For Release: October 15, 2008
Contact: DMS Communications (603) 650-1492
Dartmouth Medical School Educator David Nierenberg Wins National Teaching Award
Hanover, N.H.—Dartmouth Medical School's education dean has been honored with one of the country's highest medical student teaching accolades, the Alpha Omega Alpha Robert J. Glaser Distinguished Teacher Award, to be presented at the Association of American Medical Colleges (AAMC) annual meeting Nov. 1 in San Antonio, Texas.
Dr. David W. Nierenberg, the Edward Tulloh Krumm Professor of Medicine and of Pharmacology and Toxicology at DMS, and senior associate dean for medical education, received the 2008 award, established by the Alpha Omega Alpha (AOA) medical honor society in 1988 to provide national recognition to faculty members who have distinguished themselves in medical student education and named for long-time AOA executive secretary Dr. Robert J. Glaser.
An "educational star," as students refer to him, Nierenberg has shone brightly in the Dartmouth Medical School (DMS) firmament for almost three decades. He is also chief of the division of clinical pharmacology at Dartmouth-Hitchcock Medical Center, and has served as an attending and consulting physician at the VA Medical in White River Junction, Vermont.
"A leader in innovative teaching, Dr. Nierenberg is popular among his students for the clarity and passion of his lectures, his engaging style and has a legacy of grateful alumni. Obviously, as evidenced by his selection for this award, his contributions to educational excellence have made their mark at Dartmouth and at the national level," said DMS Dean Dr. William R. Green.
Nierenberg is a stickler for good penmanship—though perhaps not in the traditional sense of the word. As part of his "don't take any gifts from industry" policy, he regularly hosts "dirty pen swaps" to rid students of drug company favors and, according to one source, proudly replaces them with skinny, 39-cent ones.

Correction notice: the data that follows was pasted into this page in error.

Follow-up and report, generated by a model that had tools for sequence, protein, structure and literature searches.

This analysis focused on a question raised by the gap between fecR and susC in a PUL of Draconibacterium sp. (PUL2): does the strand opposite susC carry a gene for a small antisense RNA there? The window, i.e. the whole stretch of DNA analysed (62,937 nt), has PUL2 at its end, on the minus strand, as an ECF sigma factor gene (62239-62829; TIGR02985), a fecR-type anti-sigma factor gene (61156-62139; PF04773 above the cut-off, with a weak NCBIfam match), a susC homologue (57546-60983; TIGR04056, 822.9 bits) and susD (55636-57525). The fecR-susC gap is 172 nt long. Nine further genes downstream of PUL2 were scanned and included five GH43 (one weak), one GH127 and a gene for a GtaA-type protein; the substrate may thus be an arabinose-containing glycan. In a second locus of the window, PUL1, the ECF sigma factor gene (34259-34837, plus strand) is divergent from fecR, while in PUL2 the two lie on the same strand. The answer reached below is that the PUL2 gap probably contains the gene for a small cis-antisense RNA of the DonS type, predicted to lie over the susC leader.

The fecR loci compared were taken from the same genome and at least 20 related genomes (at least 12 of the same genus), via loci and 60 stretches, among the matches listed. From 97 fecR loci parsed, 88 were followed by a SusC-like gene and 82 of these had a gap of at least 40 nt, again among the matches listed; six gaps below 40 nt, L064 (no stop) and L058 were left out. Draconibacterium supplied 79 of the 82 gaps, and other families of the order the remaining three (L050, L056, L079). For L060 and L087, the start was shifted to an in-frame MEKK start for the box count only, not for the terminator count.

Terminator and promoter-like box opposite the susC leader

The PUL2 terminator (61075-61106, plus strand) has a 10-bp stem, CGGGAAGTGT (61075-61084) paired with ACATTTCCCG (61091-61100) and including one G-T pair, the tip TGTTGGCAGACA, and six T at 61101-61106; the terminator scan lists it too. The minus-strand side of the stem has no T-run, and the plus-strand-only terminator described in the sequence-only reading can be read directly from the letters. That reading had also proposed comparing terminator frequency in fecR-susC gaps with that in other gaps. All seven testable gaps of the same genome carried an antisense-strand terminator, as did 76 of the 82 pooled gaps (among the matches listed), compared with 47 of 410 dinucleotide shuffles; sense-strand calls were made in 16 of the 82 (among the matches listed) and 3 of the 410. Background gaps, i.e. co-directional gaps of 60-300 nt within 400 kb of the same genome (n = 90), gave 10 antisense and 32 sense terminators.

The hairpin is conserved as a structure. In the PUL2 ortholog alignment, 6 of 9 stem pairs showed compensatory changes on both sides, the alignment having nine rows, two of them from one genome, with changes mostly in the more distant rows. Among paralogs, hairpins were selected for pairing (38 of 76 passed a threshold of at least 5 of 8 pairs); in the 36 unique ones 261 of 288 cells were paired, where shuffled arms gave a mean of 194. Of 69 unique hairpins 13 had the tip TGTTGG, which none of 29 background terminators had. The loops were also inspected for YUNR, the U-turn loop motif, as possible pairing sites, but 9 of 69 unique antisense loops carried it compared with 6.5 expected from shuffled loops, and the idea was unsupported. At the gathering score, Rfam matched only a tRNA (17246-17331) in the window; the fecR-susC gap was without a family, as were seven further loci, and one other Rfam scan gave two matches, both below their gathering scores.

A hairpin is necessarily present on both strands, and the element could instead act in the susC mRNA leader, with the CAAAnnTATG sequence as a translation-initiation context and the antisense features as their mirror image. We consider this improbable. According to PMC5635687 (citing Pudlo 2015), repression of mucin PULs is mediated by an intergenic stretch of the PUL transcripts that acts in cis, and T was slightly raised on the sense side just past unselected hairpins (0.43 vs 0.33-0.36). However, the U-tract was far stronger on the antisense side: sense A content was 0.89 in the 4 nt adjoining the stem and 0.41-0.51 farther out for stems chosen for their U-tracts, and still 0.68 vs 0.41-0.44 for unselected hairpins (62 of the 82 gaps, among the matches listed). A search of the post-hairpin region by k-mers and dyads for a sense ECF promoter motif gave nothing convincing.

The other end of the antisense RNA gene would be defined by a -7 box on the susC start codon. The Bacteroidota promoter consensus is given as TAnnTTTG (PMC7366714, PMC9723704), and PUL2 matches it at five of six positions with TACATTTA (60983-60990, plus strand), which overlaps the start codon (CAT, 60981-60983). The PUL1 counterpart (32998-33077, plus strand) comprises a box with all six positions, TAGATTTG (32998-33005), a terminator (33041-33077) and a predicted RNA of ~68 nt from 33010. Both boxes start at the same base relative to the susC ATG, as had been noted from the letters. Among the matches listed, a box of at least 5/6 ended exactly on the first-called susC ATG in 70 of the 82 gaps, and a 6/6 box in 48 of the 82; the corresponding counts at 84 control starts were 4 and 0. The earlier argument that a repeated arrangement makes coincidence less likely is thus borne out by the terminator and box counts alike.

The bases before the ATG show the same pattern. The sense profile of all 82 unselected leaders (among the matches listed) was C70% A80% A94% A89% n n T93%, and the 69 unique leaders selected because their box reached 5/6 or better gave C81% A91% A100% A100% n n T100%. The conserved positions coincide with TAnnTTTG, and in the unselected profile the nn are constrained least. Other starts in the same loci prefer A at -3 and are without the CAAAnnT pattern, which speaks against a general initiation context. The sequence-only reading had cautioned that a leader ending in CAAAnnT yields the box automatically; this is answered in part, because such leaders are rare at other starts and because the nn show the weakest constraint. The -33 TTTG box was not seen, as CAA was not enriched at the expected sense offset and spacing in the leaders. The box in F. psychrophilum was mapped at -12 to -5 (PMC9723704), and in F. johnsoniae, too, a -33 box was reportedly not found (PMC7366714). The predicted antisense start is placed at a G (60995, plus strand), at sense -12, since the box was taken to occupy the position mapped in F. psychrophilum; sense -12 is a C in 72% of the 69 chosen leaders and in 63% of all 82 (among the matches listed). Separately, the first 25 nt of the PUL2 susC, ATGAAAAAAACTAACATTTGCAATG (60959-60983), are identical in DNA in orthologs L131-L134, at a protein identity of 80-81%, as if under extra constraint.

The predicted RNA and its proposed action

"I am passionate about making sure that when our fourth-year medical students become interns, they will prescribe the most appropriate drug for each individual patient, not simply the drug that they remember best because of a recent gift from a pharmaceutical representative," Nierenberg said.
I am passionate about making sure that when our fourth-year medical students become interns, they will prescribe the most appropriate drug for each individual patient, not simply the drug that they remember best because of a recent gift from a pharmaceutical representative.
—Dr. David Nierenberg
He has received multiple teaching awards from students and residents for his ability to make even the most complex pharmacological issues accessible to all learners and the school receives many letters from grateful alumni about him.
Recruited by DMS to establish a division of clinical pharmacology in 1981, Nierenberg has become a driving force behind numerous changes and innovations in the school's curriculum. He introduced problem-based learning to the medical school, and helped design the Dartmouth Medical Encounter Documentation System (DMEDS), a software program that helps students monitor their progress in acquiring the six core competencies in each clinical clerkships. Using this software (believed to be the first of its kind in this country to be broadly practical in all core clerkships), students can document their learning experiences with patients and faculty during all clinical rotations, and build their personal academic portfolios.
His development of the required DMS fourth-year course, "clinical pharmacology and therapeutics," is widely recognized for its excellence and is a model for similar courses offered at other medical schools nationwide. Additionally, he helped revise the second-year curriculum by improving and redesigning the "scientific basis of medicine," a sequence of pathophysiology courses referred to as the school's basic science "gem."
Nationally, Nierenberg has been actively involved in the AAMC, serving five years on its Executive Council, and in various capacities in the Council of Academic Societies (CAS), including six years on its administrative board. Most recently, he led a study and report for the AAMC Medical School Objectives Project, "Contemporary Issues in Medicine: Education in Safe and Effective Prescribing Practices." He has also served in several leadership positions in the American Society for Clinical Pharmacology and Therapeutics, including president in 1993.
After receiving his BA from Harvard College, Nierenberg studied in England at Oxford University. He returned to earn his MD at Harvard Medical School, followed by his residency in internal medicine at what is now Beth Israel Deaconess Medical Center, Boston. He completed his training with a fellowship in clinical pharmacology at the University of California, San Francisco, then served as chief medical resident at Stanford Medical Center.
Nierenberg has served as a peer-reviewer for numerous journals, including the New England Journal of Medicine and the Journal of the American Medical Association, and as an associate editor for Clinical Pharmacology and Therapeutics. He also coauthored or co-edited three clinical pharmacology textbooks and has published 75 original research papers, all of which—one may presume, according to the award citation—were written with "clean" pens.